The castle is used as a prison in the end of the 19th century. It was demilitarized and opened to the public on 23 September 1890. It can be reached by boat from Marseille’s old port. Its fame comes from the setting for Dumas’ novel, The Count of Monte Cristo . This fame has made the prison a popular tourist destination.

Mark Twain visited the castle in July 1867 during a couple-long pleasure excursion. He recounts his visit in his book, The Innocents Abroad . He says a guide took his party to the prison, which was not yet open to the public, and inside the cells, one of which he says housed the ” Iron Mask .” There is a sign at the castle That says “Prison called the Man in the Iron Mask” ( “Said to be the jail of the Man in the Iron Mask”), this goal is only Likely legend since the famed Man in the Iron Mask was never held at the If Castle.

The Chateau d’If is listed as a historical monument by the French Ministry of Culture . [5]

In fictional works

  • Chateau d’If is famous for being one of the settings of Alexandre Dumas ‘ adventure novel The Count of Monte Cristo . However, other locations have been used to represent If Castle in movie adaptations of the work. In the 2002 adaptation starring Jim Caviezel , the castle was represented by St. Mary’s Tower on Comino , the smallest inhabited Maltese island. The cliff-top watchtower can be seen from the ferry between Malta and Gozo .
  • Alain Charnier aka Frog One ( Fernando Rey ) meets Devereaux ( Frederic de Pasquale ) to finalize the drug shipment to the United States in the 1971 crime movie The French Connection .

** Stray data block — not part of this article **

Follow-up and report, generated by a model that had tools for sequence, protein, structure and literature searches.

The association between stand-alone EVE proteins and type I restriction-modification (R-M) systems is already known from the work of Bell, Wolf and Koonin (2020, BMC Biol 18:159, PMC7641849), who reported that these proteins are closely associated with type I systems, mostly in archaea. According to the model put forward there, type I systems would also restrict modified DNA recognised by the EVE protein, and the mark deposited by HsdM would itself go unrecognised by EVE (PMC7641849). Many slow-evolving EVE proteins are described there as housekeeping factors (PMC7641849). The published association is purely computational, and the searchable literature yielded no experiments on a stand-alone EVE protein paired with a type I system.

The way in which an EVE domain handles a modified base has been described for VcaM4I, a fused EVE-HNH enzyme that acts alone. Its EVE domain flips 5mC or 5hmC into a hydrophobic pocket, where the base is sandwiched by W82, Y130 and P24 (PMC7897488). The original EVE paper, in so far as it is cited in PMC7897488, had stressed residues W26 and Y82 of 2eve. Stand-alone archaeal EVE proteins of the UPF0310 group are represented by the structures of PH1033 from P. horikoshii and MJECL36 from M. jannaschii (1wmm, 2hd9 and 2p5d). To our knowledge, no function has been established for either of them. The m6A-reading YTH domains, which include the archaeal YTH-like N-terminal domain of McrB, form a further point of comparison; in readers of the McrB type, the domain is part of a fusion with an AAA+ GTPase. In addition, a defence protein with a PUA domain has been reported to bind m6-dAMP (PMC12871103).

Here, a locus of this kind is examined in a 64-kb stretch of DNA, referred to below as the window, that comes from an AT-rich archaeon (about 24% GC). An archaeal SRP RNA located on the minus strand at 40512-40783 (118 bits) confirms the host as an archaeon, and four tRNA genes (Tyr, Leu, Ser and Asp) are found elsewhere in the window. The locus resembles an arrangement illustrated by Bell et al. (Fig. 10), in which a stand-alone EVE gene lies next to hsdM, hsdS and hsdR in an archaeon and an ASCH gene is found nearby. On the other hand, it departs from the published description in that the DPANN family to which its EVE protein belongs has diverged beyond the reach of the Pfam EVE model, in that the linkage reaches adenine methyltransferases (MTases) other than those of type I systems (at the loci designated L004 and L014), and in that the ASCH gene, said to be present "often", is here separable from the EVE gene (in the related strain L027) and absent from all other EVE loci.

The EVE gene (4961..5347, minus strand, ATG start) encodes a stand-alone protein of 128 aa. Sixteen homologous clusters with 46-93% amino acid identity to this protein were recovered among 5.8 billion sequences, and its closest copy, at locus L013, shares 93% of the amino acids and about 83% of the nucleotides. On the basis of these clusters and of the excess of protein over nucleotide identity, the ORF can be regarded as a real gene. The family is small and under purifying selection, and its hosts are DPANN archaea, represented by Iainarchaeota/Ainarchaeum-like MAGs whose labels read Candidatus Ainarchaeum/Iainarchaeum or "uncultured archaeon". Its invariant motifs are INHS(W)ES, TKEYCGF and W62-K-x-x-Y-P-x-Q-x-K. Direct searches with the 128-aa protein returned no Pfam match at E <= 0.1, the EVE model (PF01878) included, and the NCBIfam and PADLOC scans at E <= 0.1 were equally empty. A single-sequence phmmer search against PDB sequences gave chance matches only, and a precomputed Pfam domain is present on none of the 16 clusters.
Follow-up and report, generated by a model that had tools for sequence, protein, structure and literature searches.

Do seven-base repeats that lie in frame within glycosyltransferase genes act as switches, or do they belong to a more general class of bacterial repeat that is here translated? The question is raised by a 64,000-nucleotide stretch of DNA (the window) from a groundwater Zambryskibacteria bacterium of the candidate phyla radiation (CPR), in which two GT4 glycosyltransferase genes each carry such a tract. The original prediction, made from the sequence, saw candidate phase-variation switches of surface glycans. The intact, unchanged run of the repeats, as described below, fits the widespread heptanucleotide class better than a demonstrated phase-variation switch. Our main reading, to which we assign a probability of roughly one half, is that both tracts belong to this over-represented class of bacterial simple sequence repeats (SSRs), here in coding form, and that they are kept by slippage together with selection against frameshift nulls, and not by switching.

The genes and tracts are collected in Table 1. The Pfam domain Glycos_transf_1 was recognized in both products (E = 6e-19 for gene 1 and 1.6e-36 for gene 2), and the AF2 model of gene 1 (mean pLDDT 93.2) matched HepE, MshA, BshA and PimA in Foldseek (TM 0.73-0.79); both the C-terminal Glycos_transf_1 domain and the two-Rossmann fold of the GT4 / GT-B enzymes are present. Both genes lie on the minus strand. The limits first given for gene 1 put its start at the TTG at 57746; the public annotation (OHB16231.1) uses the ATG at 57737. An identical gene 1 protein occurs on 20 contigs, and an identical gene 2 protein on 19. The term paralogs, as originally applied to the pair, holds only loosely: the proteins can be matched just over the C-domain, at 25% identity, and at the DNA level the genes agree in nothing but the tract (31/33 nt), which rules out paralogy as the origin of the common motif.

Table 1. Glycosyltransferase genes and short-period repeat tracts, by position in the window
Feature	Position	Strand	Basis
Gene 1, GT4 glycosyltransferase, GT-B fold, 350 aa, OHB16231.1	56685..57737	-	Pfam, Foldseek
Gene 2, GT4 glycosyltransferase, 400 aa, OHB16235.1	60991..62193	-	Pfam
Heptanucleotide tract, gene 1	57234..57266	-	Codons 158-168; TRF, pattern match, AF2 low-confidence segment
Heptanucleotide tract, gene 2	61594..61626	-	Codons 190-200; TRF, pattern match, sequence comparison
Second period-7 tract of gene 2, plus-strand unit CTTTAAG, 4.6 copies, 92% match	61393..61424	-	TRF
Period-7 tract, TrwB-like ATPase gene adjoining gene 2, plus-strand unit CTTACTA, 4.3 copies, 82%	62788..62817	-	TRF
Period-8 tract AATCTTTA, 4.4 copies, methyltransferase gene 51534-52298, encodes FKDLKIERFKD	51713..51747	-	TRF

• In the 1956 “Tales of Old Dartmoor” episode of The Goon Show radio comedy series, Grytpype-Thynne has Dartmoor Prison put to sea to visit the Castle of If, as part of a plan to find the treasure of the Count of Monte Cristo .
  • In “The Ruby Notebook” by Laura Resau , Zeeta and Wendell visit the If Castle.
  • In the Clive Cussler’s novel Spartan Gold , the main characters visit the If Castle as part of their quest for hidden treasure.

Notable prisoners

  • Knight Anselm (1580-?)
  • Jean Serres , Huguenot
  • Elie Neau , Huguenot
  • Knight of Lorraine , lover of Philippe de France
  • Jean-Baptiste Chataud  ( fr ) , accused of bringing the plague to Marseilles – (c.1720 – c.1723)
  • Honore Mirabeau , writer, popular orator and statesman – (1774-1775)
  • Abbot Faria – (1797-?) – his stay at the castle is disputed
  • Michel Mathieu Lecointe-Puyraveau , politician – (1815)
  • Gaston Crémieux , leader of the Paris Commune (1871)

Contrary to common belief, the Marquis de Sade was not a prisoner at the castle. [6]

See also

  • Alcatraz Island


  1. Jump up^ “Lonely Planet Guide to Marseille” . Lonelyplanet.com . Retrieved 2013-04-25 .
  2. Jump up^ “Marseille Office of Tourism” . Marseille-tourism.com . Retrieved 2013-04-25 .
  3. Jump up^ Cemeteries of France and elsewhere (in French)
  4. Jump up^ Jean Paul Baillard. Kléber after Kléber (1800-2000) – The posthumous wanderings of the remains of General Kléber ISBN 2-913302-08-4 (in French)
  5. Jump up^ “National Monuments Center” . If.monuments-nationaux.fr . Retrieved 2013-04-25 .
  6. Jump up^ If Castle – Between Myth and Reality”